Costa Group, the major agribusiness listed on the Australian Securities Exchange, postponed the announcement of its H1 2023 results last week and reported a “deterioration in the outlook” for its citrus and tomato crops – throwing a potential takeover by private equity suitor Paine Schwartz Partners into doubt.
The firm estimated it would take a hit in citrus worth approximately A$30 million ($19 million; €18 million), with softening consumer demand for tomatoes also set to affect its full-year result.
PSP launched a bid to acquire 100 percent of Costa earlier this year, making an unsolicited, non-binding indicative offer of A$3.50 per share in May. PSP is still undertaking due diligence and yet to make a binding offer.
The prospect of such an offer eventuating at the previous bid price looks diminished following market reaction to Costa’s most recent announcement.
Shares dipped from their closing price of A$3.32 on August 23, and closed at A$2.96 on August 25 – meaning that PSP’s bid premium has increased dramatically.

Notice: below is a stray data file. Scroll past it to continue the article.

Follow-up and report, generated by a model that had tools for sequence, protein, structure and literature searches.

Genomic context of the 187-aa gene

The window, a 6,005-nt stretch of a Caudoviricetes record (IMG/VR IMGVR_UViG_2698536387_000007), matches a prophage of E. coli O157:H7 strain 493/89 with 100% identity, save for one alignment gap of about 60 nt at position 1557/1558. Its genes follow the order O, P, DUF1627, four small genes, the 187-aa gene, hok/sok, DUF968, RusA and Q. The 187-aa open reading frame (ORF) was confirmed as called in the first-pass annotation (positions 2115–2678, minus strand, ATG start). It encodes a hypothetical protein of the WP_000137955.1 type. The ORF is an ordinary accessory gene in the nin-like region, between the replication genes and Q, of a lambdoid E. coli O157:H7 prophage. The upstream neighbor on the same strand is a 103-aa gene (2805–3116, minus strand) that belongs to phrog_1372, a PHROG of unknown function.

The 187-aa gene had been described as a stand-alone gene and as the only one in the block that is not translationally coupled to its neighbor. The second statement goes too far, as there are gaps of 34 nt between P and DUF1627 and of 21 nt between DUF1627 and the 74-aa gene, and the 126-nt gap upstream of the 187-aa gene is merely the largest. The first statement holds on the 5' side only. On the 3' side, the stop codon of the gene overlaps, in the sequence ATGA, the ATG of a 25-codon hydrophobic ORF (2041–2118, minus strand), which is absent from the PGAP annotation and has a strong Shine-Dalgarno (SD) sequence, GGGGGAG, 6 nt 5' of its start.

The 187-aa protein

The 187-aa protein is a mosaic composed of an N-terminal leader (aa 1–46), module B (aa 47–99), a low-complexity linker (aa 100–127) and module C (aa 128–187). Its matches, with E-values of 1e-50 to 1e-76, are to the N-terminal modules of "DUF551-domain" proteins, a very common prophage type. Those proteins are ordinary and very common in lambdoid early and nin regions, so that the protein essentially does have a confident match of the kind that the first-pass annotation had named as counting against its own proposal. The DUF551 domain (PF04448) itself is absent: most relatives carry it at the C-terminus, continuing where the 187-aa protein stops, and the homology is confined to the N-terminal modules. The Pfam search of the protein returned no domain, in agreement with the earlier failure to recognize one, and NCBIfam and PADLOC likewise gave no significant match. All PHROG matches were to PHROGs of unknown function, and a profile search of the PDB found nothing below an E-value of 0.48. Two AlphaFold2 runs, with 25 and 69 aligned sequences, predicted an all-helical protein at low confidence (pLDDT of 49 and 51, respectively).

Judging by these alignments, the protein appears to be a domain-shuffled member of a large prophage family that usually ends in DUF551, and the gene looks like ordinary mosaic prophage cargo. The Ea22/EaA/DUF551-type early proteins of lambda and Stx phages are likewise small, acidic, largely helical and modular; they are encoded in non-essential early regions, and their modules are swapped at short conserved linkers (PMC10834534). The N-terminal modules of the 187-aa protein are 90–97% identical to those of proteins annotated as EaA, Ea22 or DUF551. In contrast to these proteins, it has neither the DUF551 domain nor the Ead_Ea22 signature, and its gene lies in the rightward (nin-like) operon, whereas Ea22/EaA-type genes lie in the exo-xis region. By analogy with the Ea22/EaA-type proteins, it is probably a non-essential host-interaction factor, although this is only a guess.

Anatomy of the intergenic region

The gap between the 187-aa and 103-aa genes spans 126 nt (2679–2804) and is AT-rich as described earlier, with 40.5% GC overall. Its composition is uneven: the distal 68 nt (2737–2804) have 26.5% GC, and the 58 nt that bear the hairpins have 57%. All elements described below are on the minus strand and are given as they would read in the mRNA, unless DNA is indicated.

Costa told shareholders PSP had been advised of the latest trading conditions and it would provide an update on the transaction in mid-to-late September.
Enough, a Scottish-Dutch mycoprotein start-up, raised €40 million in a Series C funding round led by led by World Fund and CPT Capital with support from AXA IM Alts, HAL Investments, Onassis Group, Tailored Solutions and Scottish Enterprise.
Bushel, a US-based ag software provider, raised $26 million in a Series C funding round led by The Banc Funds Company with participation from 50 South Capital, The Andersons Inc, Cargill, Germin8, Lewis & Clark AgriFood, The Scoular Company and Conti Ventures.